The opening grisly bassline of Secrets Within the Shrine next sets the tone and scene of the triumph to come. Its thick bait is swiftly joined and enhanced by prowling riffs and venom swing grooves whilst beats are more predatory than vicious at this point. There is no escaping a Metallica whiff to the song but equally a scent of Misfits and the grouchy air of Mastodon helps bring alluring flavour of the song, whilst the constantly evolving ingenuity of the guitars takes it all to another level.

The track is excellent leaving Together We’re Lost the task with closing up the album, which it does in potent style. Familiar yet fresh, the track is an infectious and highly enjoyable end and another song which finds Johagen running the range of his delivery and yes he needs to ‘sing’ more because that is where he excels.

Definitely Preludes & Nocturnes is a release to take time with because it just grows with every recruitment of its bold and flavoursome adventure. Bottom-line is that it is a strong and enjoyable introduction to Carnal Agony who carry the promise of even greater exploits ahead.

Preludes & Nocturnes is available now via Sliptrick Records @ http://www.carnalagony.com/?audio=preludes-nocturnes

https://www.facebook.com/CarnalAgony  https://twitter.com/carnalagony

RingMaster 09/05/2015

Copyright RingMaster: MyFreeCopyright

Listen to the best independent music and artists on The RingMaster Review Radio Show and The Bone Orchard on Reputation Radio @ http://www.reputationradio.net

 

ISLASORNA REVEAL THEIR E.D.E.N’ ON 1st JUNE

Islasorna Online Promo shot

SCOTTISH PROGRESSIVE METAL OUTFIT ‘ISLASORNA’ NATIONALLY RELEASE THEIR DEBUT EP ‘E.D.E.N’ ON 1st JUNE, THROUGH ALL STORES.

Spawned from the depths of Edinburgh, and conceived at the start of 2014, Scottish experimental metal crew ‘Islasorna’ have picked up a legion of fans throughout the far North. And through dedicated and rampant gigging, word is beginning to spread about the band’s high octane live shows further afield in the UK. Adding more fuel to their fiery cause, the progressive metallers have supported the likes of Bleed From Within, Carcer City, Demoraliser, Martyr Defiled and Continents.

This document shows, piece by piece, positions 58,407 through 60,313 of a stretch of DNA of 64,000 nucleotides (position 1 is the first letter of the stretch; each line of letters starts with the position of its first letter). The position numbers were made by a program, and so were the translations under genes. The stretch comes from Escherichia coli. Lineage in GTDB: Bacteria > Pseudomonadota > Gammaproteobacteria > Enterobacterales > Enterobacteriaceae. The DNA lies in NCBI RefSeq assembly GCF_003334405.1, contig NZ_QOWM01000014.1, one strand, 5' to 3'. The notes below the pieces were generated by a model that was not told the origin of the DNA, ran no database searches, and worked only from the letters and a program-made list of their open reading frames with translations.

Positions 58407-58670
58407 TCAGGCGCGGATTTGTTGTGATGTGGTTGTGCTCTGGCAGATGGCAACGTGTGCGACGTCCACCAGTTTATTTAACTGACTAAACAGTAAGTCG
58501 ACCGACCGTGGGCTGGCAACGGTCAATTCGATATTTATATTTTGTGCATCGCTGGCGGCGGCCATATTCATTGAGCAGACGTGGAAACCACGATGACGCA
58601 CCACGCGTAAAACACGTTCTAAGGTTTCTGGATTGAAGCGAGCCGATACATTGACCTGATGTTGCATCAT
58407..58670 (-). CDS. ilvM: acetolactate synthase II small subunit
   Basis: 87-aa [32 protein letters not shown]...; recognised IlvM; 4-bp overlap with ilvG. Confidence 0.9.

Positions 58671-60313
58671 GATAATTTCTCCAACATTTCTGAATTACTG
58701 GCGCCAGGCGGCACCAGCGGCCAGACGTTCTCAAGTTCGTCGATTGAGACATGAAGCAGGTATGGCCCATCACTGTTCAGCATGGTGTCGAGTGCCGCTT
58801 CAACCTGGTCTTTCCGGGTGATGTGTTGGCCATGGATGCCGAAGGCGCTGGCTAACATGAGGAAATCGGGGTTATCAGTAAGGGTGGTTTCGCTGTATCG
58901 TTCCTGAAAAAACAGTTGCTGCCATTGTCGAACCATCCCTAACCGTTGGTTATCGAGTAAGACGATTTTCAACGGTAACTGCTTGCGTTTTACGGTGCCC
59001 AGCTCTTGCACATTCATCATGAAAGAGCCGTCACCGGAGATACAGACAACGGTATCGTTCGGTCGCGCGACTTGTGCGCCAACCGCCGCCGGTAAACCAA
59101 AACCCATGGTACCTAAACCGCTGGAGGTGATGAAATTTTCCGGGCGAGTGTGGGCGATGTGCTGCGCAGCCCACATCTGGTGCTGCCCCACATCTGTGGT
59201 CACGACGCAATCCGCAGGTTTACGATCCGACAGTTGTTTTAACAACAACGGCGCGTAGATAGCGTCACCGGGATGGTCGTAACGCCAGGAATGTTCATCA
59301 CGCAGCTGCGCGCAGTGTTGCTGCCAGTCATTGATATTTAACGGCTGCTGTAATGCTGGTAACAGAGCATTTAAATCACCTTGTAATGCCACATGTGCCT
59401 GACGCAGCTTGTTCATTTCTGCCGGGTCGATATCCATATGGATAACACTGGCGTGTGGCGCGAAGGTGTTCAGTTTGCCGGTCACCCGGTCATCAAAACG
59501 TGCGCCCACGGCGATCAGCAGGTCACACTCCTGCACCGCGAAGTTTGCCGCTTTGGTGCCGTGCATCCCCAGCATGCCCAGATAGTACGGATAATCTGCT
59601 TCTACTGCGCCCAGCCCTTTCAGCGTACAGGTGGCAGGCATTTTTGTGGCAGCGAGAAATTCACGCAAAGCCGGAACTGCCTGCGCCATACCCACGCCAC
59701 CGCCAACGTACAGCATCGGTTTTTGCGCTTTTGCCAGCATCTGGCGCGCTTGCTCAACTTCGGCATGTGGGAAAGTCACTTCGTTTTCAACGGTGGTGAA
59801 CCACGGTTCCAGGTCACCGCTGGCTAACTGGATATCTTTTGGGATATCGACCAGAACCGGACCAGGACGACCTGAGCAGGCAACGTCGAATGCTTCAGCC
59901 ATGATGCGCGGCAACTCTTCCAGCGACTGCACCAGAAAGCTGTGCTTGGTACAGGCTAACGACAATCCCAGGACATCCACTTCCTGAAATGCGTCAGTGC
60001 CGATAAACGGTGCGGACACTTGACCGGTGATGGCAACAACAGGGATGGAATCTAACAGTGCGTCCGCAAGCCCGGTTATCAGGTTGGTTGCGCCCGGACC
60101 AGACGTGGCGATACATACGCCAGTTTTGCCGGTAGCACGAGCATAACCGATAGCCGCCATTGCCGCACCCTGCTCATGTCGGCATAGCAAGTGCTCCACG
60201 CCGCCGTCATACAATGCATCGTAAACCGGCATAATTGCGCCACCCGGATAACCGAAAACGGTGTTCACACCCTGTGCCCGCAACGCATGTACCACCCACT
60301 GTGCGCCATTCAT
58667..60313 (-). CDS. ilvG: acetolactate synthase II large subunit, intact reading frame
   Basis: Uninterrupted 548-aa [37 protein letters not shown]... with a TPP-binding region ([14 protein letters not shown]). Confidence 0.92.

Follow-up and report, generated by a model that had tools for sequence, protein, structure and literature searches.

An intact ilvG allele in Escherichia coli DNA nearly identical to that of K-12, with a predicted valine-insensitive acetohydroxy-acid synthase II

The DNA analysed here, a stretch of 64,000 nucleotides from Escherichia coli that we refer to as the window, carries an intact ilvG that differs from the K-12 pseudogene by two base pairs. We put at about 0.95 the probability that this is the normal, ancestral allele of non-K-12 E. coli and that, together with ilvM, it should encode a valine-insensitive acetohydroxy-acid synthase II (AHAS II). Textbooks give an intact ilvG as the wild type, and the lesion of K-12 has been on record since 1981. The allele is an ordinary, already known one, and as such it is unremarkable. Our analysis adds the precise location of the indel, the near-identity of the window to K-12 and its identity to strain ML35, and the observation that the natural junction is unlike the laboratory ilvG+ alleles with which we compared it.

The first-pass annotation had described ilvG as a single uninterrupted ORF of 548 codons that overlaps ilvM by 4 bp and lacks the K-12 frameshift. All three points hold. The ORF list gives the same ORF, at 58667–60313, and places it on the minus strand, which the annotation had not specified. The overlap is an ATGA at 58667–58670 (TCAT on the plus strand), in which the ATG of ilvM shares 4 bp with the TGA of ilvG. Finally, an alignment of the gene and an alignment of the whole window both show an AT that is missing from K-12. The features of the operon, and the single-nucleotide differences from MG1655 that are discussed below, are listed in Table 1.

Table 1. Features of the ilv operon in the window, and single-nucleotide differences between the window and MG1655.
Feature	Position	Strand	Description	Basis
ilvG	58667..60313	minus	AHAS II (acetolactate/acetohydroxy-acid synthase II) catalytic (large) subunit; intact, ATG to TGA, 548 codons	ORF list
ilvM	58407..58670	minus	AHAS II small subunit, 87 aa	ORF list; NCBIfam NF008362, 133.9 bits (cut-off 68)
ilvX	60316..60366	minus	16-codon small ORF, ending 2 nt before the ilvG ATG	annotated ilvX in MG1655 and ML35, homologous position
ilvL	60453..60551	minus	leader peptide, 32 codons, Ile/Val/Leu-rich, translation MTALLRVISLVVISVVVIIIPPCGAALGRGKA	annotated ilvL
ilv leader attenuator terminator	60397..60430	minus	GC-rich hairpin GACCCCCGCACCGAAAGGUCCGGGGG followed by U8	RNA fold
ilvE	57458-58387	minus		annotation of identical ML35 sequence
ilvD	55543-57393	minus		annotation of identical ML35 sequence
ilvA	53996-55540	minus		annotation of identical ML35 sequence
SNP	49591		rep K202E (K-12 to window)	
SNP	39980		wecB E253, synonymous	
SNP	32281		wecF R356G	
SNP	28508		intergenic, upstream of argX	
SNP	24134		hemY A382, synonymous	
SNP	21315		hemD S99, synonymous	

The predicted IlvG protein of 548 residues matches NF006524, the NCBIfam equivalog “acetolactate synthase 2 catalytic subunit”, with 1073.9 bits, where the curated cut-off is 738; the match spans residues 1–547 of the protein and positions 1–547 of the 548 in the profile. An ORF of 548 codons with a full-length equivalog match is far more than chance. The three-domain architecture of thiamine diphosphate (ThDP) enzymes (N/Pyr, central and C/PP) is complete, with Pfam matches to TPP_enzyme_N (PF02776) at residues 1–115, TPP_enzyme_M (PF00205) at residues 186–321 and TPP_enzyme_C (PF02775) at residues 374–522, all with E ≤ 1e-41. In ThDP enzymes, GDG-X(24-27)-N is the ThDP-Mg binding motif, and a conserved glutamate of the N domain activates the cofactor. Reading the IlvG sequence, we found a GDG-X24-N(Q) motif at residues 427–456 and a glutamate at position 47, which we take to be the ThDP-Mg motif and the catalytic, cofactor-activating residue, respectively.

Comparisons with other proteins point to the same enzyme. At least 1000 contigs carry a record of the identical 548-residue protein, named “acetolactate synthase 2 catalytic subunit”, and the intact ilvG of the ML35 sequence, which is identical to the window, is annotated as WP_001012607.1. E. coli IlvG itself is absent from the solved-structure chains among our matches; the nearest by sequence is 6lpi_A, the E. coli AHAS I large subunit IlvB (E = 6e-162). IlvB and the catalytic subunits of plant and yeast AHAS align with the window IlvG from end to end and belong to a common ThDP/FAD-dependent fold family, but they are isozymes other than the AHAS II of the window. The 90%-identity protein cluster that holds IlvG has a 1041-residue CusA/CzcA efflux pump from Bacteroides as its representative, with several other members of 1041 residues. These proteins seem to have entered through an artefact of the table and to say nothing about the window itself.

Consisting of vocalist Justin Dilworth, Guitarists Jamie Mcarthur & Dean Watson, bassist Mark Brunton and drummer Michael Devlin, Islasorna fuse together colossal riffs, tech playability and even hints of jazz to the melting pot. With inspiration coming from everyone from The Devil Wears Prada, Northlane, Whitechapel, Sikth, The Dillinger Escape Plan and Animals as Leaders to Metallica, the band offer a sound that is inherently steeped in metal, but undoubtedly pushes the envelope.

Islasorna are set to break out to the UK with the official release of their earth shattering debut EP, ‘E.D.E.N.’. The opening track ‘Obliteration’ pulls you in with its haunting atmospherics and pummelling drop beats. The five-some then crank it up with the sludgy riff assault of ‘Achluophobia’, which immediately grabs you by the nether regions. The band showcase their astute use of dynamics for the hypnotic track ‘Judas’, while the guttural attack of ‘Choices’ slams your eardrums, and the craft of ‘4-2-8’, framed by blistering guitars and jagged rhythms, is just pure intensity. The metallers draw the record to a close with the EP’s namesake ‘E.D.E.N.’, and it’s an eerie slab of moody heavy electronica which displays the band’s growing maturity. With shows in the can for this Summer, Islasorna are bursting to rise.

-ISLASORNA RELEASE ‘E.D.E.N.’ ON 1st JUNE THROUGH ALL DIGITAL OUTLETS-

Islasorna cover

http://Facebook.com/islasornauk

Atomik Destruktor – Unnatural Disorder

Atomik Destruktor 2015

If looking for some old school thrash inspired by the genre’s founders then the debut album from Portuguese metallers Atomik Destruktor is the perfect offering to get your teeth in to. Influenced by the likes of Destruction, Sodom, Kreator, Metallica, Slayer, Exodus…well you get the picture, the Braga quintet is straight down the line thrash metal but with an attitude and creativity which makes their release much more than expectations filling. Explosive and suitably aggressive, it is full-on enjoyment with a great anthemic presence, a mix which always goes down a treat.

Atomik Destruktor began in 2007, formed by three high school friends in vocalist Turtle, guitarist Gibson, and drummer Jota, with second guitarist Pedraça straight away brought into the band too. The departure of Turtle saw bassist Marco joining up alongside vocalist Paulo Thrasher, but it was only a few months later that the latter left and the returning Turtle completed the now in place line-up. 2008 saw the band ventured into the live scene and the following year the release of the Destroy, Disagree & Disrespect demo. In 2011 the band entered Grave Studios to record their first album. With live shows also going on, its recording took a long time to complete but finally it gets it’s unveiling via Helldprod Records, providing a fierce, volatile, and thoroughly enjoyable outing for thrash fans.

The album opens with Atomic Destruction, its initial touch samples within a distant but swiftly brewing web of guitar enterprise. They swiftly confront ears in full volume and tenacity though as riffs become a fiery and inviting incitement matched by jabbing beats and a meaty bassline. Top gear is soon locked in, the band charging with spicy grooves and rabid riffs across the senses and into a quickly greedy appetite. Turtles’ vocals are antagonistic and raw, the perfect fit for the erosive energy and driving riffery fuelling the highly agreeable encounter. Backing vocal calls and sharp hooks certainly hold no surprises, as the rest of the track in many ways, yet it matters little in the contagious and accomplished persuasion of the excellent song.